Ah, but you're not. The tag has made you stop purchasing, right? Their target demographic not only will continue purchasing items with the tag, they may increase their purchases simply to ruffle your/The Establishment's feathers.

Well, that's a circular argument — unless you think their target demographic is "people who like buying items with the word 'shit' on them," in which case it is true by definition. It's certainly put me off any future Timbuk2 purchases — not because I'm offended by the swear word, but by the laughably embarrassing attempt to make their product seem "anti-Establishment" (please! it's a laptop bag!).
posted by game warden to the events rhino at 10:57 AM on July 23, 2008 [1 favorite]


I'm a little confused by the juxtaposition here -- carrying a messenger bag instead of a briefcase as a laptop bag in a professional environment so conservative that a tag on the inside of a bag would cause embarrassment.
posted by desuetude at 10:59 AM on July 23, 2008 [8 favorites]


A word of advice for someone who's job it is to constantly complain to companies on behalf of his employer:

a) Always send a physical letter (not an email) and preferably send it certified/FedEx/etc.
b) Address this letter to the president/CEO of the company and send it to their offices.
c) Once the letter arrives, if you do not get immediate contact, do some google-fu to get the phone number of their corporate office and speak to someone in the president's office to confirm the letter was received.
d) You will be very surprised at how fast things get done when you make this small effort.

In your case, I'm not sure what you're trying to achieve other than letting them know that the tag offended you and might offend others. Like someone said above, they undoubtedly are aware of this and made a conscious decision to do it anyway.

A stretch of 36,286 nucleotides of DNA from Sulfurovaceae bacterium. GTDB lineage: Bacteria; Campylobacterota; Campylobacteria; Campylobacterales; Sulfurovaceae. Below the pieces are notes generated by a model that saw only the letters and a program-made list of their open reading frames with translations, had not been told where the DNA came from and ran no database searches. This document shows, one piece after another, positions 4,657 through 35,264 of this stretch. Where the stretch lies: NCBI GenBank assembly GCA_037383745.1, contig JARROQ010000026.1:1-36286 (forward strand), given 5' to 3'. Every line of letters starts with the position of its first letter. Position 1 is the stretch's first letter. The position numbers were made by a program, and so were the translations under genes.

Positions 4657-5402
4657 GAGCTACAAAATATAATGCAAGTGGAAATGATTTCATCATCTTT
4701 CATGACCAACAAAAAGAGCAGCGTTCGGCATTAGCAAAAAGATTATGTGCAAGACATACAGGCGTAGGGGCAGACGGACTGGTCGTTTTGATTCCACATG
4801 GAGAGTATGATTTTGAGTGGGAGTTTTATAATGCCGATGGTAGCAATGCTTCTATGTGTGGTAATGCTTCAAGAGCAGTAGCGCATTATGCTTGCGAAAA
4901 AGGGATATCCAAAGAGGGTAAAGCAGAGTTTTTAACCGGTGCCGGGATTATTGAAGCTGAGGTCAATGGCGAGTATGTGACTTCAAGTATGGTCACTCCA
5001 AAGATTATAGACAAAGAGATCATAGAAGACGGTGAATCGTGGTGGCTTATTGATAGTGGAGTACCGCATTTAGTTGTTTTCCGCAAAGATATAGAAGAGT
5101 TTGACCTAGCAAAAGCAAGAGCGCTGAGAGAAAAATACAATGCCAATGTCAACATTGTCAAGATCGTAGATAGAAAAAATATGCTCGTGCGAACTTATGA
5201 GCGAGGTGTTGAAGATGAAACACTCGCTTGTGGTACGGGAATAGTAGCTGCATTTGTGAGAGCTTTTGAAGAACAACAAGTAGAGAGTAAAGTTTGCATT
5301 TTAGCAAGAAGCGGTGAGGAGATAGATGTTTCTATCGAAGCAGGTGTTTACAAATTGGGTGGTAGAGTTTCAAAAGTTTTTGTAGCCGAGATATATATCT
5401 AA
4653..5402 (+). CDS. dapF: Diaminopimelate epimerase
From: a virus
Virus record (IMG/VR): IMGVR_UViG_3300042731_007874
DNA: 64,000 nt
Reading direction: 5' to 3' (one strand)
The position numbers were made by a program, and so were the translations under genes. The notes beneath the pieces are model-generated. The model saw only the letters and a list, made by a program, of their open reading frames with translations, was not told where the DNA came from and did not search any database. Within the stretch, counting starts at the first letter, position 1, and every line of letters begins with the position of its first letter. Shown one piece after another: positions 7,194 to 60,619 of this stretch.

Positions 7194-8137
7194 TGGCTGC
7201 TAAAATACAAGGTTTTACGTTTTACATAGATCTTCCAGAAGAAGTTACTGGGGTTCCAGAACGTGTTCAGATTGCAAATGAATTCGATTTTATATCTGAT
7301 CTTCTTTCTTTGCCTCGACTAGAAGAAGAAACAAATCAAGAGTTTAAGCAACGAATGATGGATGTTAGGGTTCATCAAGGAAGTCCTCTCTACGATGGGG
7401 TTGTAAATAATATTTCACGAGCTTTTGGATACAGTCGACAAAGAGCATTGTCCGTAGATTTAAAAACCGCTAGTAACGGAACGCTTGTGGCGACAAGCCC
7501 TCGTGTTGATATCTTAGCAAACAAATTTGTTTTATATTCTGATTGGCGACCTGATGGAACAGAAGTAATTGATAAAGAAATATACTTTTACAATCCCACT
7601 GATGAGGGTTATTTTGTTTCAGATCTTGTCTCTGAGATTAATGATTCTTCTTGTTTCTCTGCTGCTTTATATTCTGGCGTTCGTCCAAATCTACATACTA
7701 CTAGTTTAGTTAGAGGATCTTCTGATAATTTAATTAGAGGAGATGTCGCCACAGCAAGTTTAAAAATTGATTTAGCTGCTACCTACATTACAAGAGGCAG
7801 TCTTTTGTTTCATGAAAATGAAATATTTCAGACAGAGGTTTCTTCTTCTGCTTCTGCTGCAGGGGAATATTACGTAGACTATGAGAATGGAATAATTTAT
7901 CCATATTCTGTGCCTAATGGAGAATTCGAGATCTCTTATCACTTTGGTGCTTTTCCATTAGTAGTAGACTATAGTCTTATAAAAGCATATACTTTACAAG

posted by rooftop secrets at 11:02 AM on July 23, 2008 [4 favorites]


If your own morals compel you to complain, then by all means send a letter or an email. Maybe it won't change anything, but you can know you were true to your own conscience. Just something simple like: "While I understand that the the definition of acceptable language is constantly evolving, I just thought I would let you know that the language on your tag is over my comfort level to the point that I will not likley purchase your products as gifts in the future, as it causes potential embarassment to me."

Who knows? If they have enough complaints, they might address the issue, or offer an option for a "clean" tag. It has nothing to do with morals, as far as they are concerned, but the bottom line. If they can sell more without the language than with it, then they might do it. But I wouldn't expect anything.

A couple stories to file away: 1) I e-mailed Best Buy because they went to a new system for video game purchases. Once you pay for it, you have to wait in another line to have an employee remove the security case. I told them I have plenty of choices, so I would not buy my video games from them as long as this system is in place. I explained that while I understood theft was a major concern, making customers wait in two lines was unduly inconvenient. I got no reply at all, not even an automated one.

2) I e-mailed Papa John's Pizza with a complaint about a delivery order. Again, it was polite, but the issue was enough that I thought it was worth reporting. Within an hour (and this was about 8 or 9 at night) I got a phone call from the district manager offering apologies and offering to send me a coupon for a free pizza. After a couple weeks, my coupon never showed up. I sent another e-mail asking about it. A couple days later, the district manager showed up at my front door with profuse apologies two coupons.